13 © 2014 A. Haeberlen, Z. Ives Example B+ Tree Data (inverted list pointers) is at the leaves; intermediate nodes have copies of search keys Search begins at root, and key comparisons direct it to a leaf Search for be, bobcat... Based on the search for bobcat*, we know it is not in the tree! Root best but dog a am an antartbe bestbit bobbutcan crydogdry elf fox art

14 © 2014 A. Haeberlen, Z. Ives Inserting data into a B+ Tree Find correct leaf L Put data entry onto L If L has enough space we are, done! Else, must split leaf node L (into L and a new node L2) Redistribute entries evenly, copy up middle key Insert index entry pointing to L2 into parent of L This can happen recursively To split index node, redistribute entries evenly, but push up middle key. (Contrast with leaf splits.) Splits grow tree; root split increases height Tree growth: gets wider or one level taller at the top Root best but dog a am an antartbe bestbit bobbutcan crydogdry elf fox art

15 © 2014 A. Haeberlen, Z. Ives 15 Inserting and Example: Copy up Want to insert here; no room, so split & copy up: a am an and ant an Entry to be inserted in parent node. (Note that key an is copied up and continues to appear in the leaf.) and Root best but dog a am an antartbe bestbit bobbutcan crydogdry elf fox art But where? Parent node is already "full"!

16 © 2014 A. Haeberlen, Z. Ives 16 Inserting and Example: Push up 1/2 Root artbe bestbit bobbutcan cry an Need to split node & push up best but dog art a am dogdry elf fox an ant and

17 © 2014 A. Haeberlen, Z. Ives 17 Inserting and Example: Push up 2/2 Root artbe bestbit bobbutcan cry an butdog best art Entry to be inserted in parent node. (Note that best is pushed up and only appears once in the index. Contrast this with a leaf split.) a am dogdry elf fox an ant and

18 © 2014 A. Haeberlen, Z. Ives 18 Summary: Copying vs. splitting Every keyword (search key) appears in at most one intermediate node Hence, in splitting an intermediate node, we push up Every inverted list entry must appear in a leaf We may also need it in an intermediate node to define a partition point in the tree We must copy up the key of this entry Note that B+ trees easily accommodate multiple occurrences of a keyword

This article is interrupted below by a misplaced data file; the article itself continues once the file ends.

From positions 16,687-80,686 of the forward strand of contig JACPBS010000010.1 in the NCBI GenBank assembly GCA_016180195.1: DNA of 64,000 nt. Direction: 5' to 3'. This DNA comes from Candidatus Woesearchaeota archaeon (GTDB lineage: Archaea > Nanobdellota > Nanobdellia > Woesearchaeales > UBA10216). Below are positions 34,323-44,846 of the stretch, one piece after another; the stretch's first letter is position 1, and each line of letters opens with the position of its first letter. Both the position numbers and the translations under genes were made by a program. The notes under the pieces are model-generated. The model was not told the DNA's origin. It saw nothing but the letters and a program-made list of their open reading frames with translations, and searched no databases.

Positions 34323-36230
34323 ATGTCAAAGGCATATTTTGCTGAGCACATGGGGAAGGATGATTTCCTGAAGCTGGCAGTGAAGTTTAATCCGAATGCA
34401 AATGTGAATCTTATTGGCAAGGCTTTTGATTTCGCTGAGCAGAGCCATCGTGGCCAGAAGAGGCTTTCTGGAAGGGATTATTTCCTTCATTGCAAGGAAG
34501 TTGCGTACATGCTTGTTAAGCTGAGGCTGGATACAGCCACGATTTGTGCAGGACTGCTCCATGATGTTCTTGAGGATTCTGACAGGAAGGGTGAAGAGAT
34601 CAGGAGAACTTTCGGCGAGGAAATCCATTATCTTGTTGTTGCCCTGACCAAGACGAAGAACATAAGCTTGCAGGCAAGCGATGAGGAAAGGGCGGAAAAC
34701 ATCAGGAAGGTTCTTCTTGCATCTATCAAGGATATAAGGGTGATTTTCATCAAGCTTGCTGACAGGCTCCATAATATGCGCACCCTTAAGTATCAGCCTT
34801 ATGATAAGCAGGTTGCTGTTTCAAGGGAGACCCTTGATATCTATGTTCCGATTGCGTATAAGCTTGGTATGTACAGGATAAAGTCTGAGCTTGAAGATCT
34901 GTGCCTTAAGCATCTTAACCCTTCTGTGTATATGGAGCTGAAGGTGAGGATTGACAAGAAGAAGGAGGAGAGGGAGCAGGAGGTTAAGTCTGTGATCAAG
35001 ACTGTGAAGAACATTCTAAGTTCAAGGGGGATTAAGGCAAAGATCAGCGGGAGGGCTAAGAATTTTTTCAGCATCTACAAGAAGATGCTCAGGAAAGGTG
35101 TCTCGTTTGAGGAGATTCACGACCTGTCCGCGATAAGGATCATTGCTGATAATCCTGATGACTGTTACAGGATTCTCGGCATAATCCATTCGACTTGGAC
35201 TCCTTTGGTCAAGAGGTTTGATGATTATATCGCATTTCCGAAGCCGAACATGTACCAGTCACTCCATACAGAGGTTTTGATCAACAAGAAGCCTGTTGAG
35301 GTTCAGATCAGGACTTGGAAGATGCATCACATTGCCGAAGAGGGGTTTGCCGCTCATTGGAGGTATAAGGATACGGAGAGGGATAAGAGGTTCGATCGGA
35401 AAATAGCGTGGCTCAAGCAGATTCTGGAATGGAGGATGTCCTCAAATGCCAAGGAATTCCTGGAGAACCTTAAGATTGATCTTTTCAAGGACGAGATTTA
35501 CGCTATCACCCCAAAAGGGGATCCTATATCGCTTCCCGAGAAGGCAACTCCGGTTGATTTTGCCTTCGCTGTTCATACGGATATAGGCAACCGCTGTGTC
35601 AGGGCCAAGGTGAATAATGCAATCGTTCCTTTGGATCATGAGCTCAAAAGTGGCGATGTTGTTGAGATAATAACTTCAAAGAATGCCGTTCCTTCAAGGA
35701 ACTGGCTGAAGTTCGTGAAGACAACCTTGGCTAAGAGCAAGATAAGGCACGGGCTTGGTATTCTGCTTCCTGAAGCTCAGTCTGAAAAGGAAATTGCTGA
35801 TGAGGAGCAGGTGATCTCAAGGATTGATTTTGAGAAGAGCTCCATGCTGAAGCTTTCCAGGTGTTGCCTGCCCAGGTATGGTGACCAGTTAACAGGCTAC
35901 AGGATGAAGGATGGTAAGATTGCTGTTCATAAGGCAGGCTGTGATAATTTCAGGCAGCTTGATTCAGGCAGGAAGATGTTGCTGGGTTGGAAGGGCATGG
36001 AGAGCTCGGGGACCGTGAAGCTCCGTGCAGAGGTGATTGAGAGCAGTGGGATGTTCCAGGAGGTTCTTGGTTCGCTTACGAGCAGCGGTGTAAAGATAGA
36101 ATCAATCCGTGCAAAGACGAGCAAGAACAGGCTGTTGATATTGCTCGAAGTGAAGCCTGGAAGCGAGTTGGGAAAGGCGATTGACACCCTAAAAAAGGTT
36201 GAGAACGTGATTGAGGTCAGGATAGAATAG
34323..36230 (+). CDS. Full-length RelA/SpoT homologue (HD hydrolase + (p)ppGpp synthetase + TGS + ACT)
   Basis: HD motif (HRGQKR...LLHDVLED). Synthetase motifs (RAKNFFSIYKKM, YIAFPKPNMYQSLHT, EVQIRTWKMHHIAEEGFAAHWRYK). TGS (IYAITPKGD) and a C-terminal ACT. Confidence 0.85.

19 © 2014 A. Haeberlen, Z. Ives Some details How would you choose the order of the tree? How would you find all the words starting with the letters 'com'? How would you delete something? Do you always have to split/merge? 19 University of Pennsylvania

20 © 2014 A. Haeberlen, Z. Ives Virtues of the B+ Tree B+ tree and other indices are quite efficient: Height-balanced; log F N cost to search High fanout (F) means depth rarely more than 3 or 4 Almost always better than maintaining a sorted file Typically, 67% occupancy on average Berkeley DB library (C, C++, Java; Oracle) is a toolkit for B+ trees that you will be using later in the semester: Interface: open B+ Tree; get and put items based on key Handles concurrency, caching, etc.

21 © 2014 A. Haeberlen, Z. Ives Example: B+ tree Insert 15, 11, 12, 32, University of Pennsylvania

22 © 2014 A. Haeberlen, Z. Ives 22 How do we distribute a B+ Tree? We need to host the root at one machine and distribute the rest What are the implications for scalability? Consider building the index as well as searching

23 © 2014 A. Haeberlen, Z. Ives 23 Eliminating the root Sometimes we dont want a tree-structured system because the higher levels can be a central point of congestion or failure Two strategies: Modified tree structure (e.g., the BATON p2p tree; see Jagadish et al., VLDB 2005) Non-hierarchical structure (distributed hash table, discussed in a couple of weeks)

24 © 2014 A. Haeberlen, Z. Ives Recap: B+ trees A very common data structure for indices Used, e.g., in many file systems and many DBMS Very efficient Height-balanced; log F N cost to search High fanout (F) means depth rarely more than 3 or 4 Almost always better than maintaining a sorted file Typically, 67% occupancy on average 24 University of Pennsylvania